Monday, June 1

A Trick for Writing Subtext

By Janice Hardy, @Janice_Hardy

While working on my current novel, I reached a pivotal scene that involved a lot of subtext (where the characters aren’t talking about they’re really talking about, or what's going on has greater meaning under the surface). Two sisters are having a conversation, and one assumes it’s about Problem A, while the other is actually referring to Problem B. It’s one of those lovely conversations where readers won’t realize the double importance of the words until later in the story when they get a missing piece of the puzzle, and suddenly, this conversation will have much greater meaning.

I’d written out my front story for Sister Two already, so I knew what she was doing in the scene and why, but the scene wasn’t clicking as well as I would have liked. I needed to know what she was thinking so I could describe her actions and tone just right—she had to give the “wrong” impression without actually misleading readers (just misleading Sister One). I wanted to show her struggle with her own problem that she wasn't ready to talk about yet, even though she was hinting about it.

(Here’s more on writing the front story of your characters)

Then it hit me.

Write her internalization as if she was the POV character.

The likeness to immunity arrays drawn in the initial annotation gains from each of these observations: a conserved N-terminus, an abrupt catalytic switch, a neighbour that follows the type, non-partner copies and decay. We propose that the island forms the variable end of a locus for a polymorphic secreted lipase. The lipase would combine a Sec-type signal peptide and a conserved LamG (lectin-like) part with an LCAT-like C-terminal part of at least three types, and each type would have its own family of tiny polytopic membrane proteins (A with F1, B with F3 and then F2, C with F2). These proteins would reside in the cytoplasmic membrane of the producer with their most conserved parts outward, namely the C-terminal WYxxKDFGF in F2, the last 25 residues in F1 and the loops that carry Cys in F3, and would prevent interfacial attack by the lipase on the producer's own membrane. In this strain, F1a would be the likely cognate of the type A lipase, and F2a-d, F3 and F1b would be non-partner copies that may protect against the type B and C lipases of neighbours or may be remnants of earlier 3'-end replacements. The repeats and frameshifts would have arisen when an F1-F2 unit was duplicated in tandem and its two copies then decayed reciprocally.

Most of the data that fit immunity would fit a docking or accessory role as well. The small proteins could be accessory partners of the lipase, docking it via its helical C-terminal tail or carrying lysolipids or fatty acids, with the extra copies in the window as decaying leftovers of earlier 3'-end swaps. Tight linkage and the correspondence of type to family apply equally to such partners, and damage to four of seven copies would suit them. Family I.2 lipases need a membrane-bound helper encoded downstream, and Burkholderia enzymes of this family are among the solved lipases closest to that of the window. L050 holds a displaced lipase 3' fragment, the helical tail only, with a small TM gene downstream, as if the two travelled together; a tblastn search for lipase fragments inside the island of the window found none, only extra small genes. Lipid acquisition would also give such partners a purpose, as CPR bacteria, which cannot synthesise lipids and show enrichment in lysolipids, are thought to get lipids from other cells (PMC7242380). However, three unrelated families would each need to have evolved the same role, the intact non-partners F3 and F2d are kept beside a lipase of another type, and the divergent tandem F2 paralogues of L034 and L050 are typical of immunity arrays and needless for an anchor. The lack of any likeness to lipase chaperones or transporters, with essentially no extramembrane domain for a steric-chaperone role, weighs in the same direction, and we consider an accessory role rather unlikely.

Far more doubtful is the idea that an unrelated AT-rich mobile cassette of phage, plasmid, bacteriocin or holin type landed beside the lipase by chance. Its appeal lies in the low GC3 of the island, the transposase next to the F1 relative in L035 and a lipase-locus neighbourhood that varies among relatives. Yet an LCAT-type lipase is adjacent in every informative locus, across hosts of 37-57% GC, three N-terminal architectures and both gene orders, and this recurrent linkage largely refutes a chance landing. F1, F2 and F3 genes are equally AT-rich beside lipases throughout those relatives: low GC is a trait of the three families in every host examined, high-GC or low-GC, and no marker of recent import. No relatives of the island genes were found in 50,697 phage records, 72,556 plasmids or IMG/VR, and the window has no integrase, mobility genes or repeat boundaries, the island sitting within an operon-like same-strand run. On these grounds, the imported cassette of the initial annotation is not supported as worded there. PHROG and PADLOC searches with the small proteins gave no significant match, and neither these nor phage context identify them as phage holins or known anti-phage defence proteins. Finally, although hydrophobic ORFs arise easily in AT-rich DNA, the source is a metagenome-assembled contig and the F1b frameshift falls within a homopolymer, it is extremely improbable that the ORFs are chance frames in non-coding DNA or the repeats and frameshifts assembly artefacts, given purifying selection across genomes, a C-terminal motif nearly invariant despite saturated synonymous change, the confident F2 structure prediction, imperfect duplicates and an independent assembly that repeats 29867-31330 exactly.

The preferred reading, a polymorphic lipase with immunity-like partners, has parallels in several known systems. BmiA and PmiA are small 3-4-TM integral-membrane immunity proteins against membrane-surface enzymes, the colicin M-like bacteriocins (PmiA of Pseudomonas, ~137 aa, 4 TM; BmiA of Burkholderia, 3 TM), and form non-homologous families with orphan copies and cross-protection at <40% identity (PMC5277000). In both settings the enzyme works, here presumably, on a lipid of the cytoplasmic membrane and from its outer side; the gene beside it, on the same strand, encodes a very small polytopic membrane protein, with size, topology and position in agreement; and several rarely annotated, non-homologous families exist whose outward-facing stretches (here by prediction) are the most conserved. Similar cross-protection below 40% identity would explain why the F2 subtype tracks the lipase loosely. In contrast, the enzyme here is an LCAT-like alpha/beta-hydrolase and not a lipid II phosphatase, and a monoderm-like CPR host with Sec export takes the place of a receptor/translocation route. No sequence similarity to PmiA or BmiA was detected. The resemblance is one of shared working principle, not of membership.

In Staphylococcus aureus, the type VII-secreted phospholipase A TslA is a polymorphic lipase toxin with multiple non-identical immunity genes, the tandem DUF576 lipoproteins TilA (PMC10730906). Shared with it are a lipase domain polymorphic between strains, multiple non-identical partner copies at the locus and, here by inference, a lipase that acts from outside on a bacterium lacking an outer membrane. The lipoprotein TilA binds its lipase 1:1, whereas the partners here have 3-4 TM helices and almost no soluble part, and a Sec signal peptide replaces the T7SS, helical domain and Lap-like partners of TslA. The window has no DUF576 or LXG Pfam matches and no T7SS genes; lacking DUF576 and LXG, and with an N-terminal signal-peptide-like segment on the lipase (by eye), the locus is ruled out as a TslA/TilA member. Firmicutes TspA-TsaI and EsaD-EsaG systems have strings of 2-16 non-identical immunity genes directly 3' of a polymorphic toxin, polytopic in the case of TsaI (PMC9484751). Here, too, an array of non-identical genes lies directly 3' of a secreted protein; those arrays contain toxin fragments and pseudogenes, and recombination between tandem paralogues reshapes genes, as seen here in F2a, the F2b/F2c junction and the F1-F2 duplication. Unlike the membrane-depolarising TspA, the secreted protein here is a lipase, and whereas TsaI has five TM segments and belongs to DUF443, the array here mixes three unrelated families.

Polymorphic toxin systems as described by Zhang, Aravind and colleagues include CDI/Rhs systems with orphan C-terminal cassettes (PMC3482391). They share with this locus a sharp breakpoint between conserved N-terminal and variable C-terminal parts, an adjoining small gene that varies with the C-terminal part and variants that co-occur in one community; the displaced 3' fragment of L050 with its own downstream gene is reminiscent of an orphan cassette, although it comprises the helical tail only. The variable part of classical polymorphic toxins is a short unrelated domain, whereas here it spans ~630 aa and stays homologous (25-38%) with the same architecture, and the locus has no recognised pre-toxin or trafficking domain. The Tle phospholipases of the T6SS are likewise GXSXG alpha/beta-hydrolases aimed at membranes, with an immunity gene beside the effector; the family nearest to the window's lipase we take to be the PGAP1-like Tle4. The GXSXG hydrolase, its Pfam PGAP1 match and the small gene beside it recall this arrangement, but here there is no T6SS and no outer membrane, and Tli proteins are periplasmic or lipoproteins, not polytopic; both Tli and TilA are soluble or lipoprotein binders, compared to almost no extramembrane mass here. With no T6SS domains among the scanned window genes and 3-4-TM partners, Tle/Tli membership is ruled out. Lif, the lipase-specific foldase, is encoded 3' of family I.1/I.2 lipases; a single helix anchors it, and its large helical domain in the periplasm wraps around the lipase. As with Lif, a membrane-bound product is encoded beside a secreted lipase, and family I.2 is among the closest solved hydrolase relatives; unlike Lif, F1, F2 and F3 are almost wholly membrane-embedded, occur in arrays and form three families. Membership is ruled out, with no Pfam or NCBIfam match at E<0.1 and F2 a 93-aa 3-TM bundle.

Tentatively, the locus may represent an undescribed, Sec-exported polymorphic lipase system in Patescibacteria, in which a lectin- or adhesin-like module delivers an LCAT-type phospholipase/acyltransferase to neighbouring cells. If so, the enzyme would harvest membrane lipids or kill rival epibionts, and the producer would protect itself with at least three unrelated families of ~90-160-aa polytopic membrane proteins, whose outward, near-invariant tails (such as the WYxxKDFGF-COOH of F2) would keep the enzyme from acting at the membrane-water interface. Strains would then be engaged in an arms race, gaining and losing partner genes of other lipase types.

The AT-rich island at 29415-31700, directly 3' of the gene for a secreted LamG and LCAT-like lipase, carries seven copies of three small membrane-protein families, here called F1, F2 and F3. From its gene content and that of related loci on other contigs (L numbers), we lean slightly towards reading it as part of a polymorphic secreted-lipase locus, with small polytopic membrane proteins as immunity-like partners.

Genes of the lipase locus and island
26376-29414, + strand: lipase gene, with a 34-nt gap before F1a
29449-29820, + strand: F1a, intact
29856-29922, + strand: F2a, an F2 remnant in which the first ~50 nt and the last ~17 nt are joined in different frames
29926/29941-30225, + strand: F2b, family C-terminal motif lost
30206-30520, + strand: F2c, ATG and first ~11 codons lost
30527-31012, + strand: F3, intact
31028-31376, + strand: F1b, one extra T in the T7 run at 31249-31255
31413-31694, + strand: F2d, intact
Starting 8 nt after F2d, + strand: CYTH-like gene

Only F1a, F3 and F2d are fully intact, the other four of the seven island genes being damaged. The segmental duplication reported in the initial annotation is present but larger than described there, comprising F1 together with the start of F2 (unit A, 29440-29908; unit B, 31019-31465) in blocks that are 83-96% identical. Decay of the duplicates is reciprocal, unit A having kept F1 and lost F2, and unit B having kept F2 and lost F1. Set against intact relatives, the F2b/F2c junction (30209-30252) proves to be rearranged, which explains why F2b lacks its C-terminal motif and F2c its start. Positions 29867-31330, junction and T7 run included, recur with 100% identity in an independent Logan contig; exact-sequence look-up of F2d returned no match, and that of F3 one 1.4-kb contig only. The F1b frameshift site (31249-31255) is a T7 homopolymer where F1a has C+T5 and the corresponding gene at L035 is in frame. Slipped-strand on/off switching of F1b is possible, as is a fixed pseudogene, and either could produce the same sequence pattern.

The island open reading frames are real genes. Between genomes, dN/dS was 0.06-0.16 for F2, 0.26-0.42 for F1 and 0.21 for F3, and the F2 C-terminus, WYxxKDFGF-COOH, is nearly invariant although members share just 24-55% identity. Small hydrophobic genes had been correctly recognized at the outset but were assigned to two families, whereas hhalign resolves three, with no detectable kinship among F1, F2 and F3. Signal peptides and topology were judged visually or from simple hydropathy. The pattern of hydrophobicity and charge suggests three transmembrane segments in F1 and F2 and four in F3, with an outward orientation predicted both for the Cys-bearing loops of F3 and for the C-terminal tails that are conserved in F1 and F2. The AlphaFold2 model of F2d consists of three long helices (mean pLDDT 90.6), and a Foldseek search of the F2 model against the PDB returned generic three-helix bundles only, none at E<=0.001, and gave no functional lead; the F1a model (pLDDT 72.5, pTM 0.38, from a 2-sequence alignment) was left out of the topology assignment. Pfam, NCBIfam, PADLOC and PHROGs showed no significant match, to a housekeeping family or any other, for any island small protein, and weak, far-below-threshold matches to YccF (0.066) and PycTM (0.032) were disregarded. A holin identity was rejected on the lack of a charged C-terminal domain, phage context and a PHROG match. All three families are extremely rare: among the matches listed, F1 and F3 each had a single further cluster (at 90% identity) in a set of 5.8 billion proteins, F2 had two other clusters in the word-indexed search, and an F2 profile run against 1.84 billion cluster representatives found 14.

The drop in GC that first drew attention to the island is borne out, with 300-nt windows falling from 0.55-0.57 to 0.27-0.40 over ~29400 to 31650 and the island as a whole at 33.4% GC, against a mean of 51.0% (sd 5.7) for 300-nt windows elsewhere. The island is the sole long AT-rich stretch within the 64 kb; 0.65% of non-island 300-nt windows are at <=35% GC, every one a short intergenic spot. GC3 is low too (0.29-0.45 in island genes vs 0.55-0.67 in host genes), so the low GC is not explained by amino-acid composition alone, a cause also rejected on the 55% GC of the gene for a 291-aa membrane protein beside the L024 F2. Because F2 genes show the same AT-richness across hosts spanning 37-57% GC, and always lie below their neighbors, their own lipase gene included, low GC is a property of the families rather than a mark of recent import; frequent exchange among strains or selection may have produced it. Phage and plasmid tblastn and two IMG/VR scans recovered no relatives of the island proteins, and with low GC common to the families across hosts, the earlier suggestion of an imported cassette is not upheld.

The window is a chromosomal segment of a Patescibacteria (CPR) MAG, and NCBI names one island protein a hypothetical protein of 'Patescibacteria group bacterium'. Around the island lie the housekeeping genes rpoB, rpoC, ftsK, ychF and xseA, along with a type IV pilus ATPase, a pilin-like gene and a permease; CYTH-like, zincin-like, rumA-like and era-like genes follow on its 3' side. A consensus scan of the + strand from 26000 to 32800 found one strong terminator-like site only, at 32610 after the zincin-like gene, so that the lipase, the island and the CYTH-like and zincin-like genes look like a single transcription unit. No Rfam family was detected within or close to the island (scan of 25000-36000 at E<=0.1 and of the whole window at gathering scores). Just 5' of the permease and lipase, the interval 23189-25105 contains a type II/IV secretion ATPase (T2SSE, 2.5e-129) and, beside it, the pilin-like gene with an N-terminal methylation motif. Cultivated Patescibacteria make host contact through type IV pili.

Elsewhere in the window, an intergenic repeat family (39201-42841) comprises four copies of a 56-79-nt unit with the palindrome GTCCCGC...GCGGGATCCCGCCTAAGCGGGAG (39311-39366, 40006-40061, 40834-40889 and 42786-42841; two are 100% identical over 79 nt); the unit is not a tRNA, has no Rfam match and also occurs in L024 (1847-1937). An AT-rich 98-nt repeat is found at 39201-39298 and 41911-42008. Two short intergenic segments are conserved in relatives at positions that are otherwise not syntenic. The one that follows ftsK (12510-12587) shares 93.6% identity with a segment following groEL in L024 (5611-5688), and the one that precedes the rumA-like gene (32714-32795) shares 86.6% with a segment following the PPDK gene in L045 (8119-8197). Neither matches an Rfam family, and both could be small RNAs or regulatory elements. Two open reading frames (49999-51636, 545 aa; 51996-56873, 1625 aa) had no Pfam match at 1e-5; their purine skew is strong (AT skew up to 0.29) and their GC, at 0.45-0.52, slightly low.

And it worked like a charm.

To keep it separate (and make it easy to delete once I was done), I added her thoughts in brackets. I could clearly see what was going on in her head and how she felt, and that made it easier to describe the outward signs of those feelings from my POV’s perspective.

Let’s visit Bob and the zombies for an example.

Say Bob and Jane are talking, and Bob is trying to determine if she’d be willing to run off with him. But he can’t risk saying it outright in case she says no. Jane actually cares about him, but she knows if they set out on their own they’ll probably die, since Bob’s wife Sally is the survival expert. And if Bob takes that final step and admits his feelings and it’s now in the open, Sally will probably leave them both to die (or kill them herself). It’s vital that Bob not say anything to make it awkward between them and risk alerting Sally.

Since we’re in Bob’s POV, we’ll know how he feels and what he’s thinking, but we won’t know what’s going on in Jane’s head. That can make it tough to write since she needs to give subtle clues that she does care, and she’s trying to save them both. So the scene might read like…
Bob brushed the dead leaves off the hood of the rusted out car, the perfect picture—he hoped—of nonchalance. If she said yes, they could leave immediately before Sally got back. “It’s not that far to Aberdeen. Couple days walk, maybe.”

Jane shrugged. “That road is crawling with zombies.”

“Not the skybridge. We could make it.”

“Bad place to get stuck if you’re wrong.” She covered her eyes and looked off down the road. “Sally back soon? ”

He slid a little closer. He ought to just ask, no more beating around the bush. “She said not to wait up.”

Jane glanced at him, frowning, then looked away. “We should probably do a perimeter check before she gets back. Just in case. We’re not the killing machines she is, remember?”
Based on this, you’d probably think Jane has no interest at all in Bob and is, in fact, kinda creeped out by him. The trouble with this scene is that all the emotion from Jane is missing, trapped in the author’s head and not making it to the page at all.